Most English Departments require a completed and approved dissertation from each job applicant; moreover, publications have become increasingly important for successful applicants. It is, therefore, advisable to consider each seminar paper as an opportunity to contribute to an ongoing conversation in hopes, ideally, of publishing a revised version before entering the job market. Students should also apply for post-doctoral fellowships simultaneously with the job search.

Increasingly MLA and graduate programs have come to acknowledge that, given the shortage of tenure-track jobs nation-wide, doctoral candidates also need counsel regarding alternative academic careers and non-academic options for employment. To this end, Vanderbilt's Graduate School as an Assistant Dean for Career Development, Ruth Schemmer, and the English Department is continually gathering information about the variety of paths taken by our own Ph.D.s over the years.

Additionally, the MLA website also contains some useful links for those seeking non-academic careers.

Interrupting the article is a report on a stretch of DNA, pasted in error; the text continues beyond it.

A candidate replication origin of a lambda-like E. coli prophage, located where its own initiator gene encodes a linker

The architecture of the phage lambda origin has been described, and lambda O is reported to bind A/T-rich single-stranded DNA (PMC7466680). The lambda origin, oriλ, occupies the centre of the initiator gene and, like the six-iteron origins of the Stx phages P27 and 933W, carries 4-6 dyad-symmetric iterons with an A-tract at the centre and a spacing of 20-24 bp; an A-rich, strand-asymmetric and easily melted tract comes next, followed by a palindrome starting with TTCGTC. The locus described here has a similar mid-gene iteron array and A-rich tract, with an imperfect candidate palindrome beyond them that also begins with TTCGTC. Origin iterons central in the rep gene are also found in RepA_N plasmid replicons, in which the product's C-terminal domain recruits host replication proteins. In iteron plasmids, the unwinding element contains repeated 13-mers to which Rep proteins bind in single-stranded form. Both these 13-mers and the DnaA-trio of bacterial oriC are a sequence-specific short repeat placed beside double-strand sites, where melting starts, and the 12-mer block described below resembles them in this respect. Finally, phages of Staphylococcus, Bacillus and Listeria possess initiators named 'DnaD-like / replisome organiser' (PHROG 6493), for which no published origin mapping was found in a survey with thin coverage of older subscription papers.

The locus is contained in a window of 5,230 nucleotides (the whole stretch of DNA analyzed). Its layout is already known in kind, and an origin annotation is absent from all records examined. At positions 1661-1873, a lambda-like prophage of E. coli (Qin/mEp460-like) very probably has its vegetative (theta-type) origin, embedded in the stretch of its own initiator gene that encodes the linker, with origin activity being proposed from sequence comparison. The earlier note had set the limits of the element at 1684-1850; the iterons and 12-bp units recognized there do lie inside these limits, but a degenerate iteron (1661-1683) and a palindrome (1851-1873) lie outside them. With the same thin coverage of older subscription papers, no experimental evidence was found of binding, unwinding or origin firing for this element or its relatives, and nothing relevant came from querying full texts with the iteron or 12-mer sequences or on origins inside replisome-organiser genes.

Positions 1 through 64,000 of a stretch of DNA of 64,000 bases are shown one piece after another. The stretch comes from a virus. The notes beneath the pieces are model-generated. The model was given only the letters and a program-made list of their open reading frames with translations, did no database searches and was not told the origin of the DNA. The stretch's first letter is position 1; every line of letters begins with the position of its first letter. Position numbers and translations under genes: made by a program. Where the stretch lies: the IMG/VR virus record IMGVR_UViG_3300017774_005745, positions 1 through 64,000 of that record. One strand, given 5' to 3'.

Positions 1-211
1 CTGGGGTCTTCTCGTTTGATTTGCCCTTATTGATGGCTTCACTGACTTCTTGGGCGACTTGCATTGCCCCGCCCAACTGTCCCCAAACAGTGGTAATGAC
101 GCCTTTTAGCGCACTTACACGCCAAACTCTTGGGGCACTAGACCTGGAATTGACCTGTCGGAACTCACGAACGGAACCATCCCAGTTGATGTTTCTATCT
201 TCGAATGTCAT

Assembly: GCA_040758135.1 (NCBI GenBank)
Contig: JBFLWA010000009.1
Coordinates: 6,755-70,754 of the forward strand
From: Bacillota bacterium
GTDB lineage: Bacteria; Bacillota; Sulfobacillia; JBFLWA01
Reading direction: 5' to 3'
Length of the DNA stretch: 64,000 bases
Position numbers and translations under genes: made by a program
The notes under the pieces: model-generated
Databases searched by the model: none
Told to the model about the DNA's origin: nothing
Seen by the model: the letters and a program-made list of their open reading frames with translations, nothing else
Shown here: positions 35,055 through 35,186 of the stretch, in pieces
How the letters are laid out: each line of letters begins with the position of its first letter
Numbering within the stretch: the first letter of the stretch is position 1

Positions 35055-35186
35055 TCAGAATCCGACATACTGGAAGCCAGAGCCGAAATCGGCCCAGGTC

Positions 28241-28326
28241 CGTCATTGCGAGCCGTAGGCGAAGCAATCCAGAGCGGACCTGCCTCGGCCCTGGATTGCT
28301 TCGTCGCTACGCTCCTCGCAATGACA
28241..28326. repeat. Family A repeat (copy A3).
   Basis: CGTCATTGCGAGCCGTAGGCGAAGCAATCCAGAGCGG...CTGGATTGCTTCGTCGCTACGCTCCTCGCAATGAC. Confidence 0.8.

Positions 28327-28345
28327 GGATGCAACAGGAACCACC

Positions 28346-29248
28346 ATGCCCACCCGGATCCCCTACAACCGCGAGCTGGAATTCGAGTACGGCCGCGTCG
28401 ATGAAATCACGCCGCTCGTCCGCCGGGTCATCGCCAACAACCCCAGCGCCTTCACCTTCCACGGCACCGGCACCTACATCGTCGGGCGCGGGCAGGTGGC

Establishing or Formalizing Professional Development Programs:

One English Department program stands out in particular here:

  • The publishing program, "Project Publish".

Project Publish is a year-long, non-credited, optional program that is designed to get students to submit an article for publication by May of their fourth year. It is run by the DGS with support from other Faculty members. All students in their fourth year are encouraged to participate. Students in their third year may participate if:

  1. A Faculty member has told them that one of their seminar papers is potentially publishable.
  2. They receive permission from their comprehensive exam committee and from the DGS.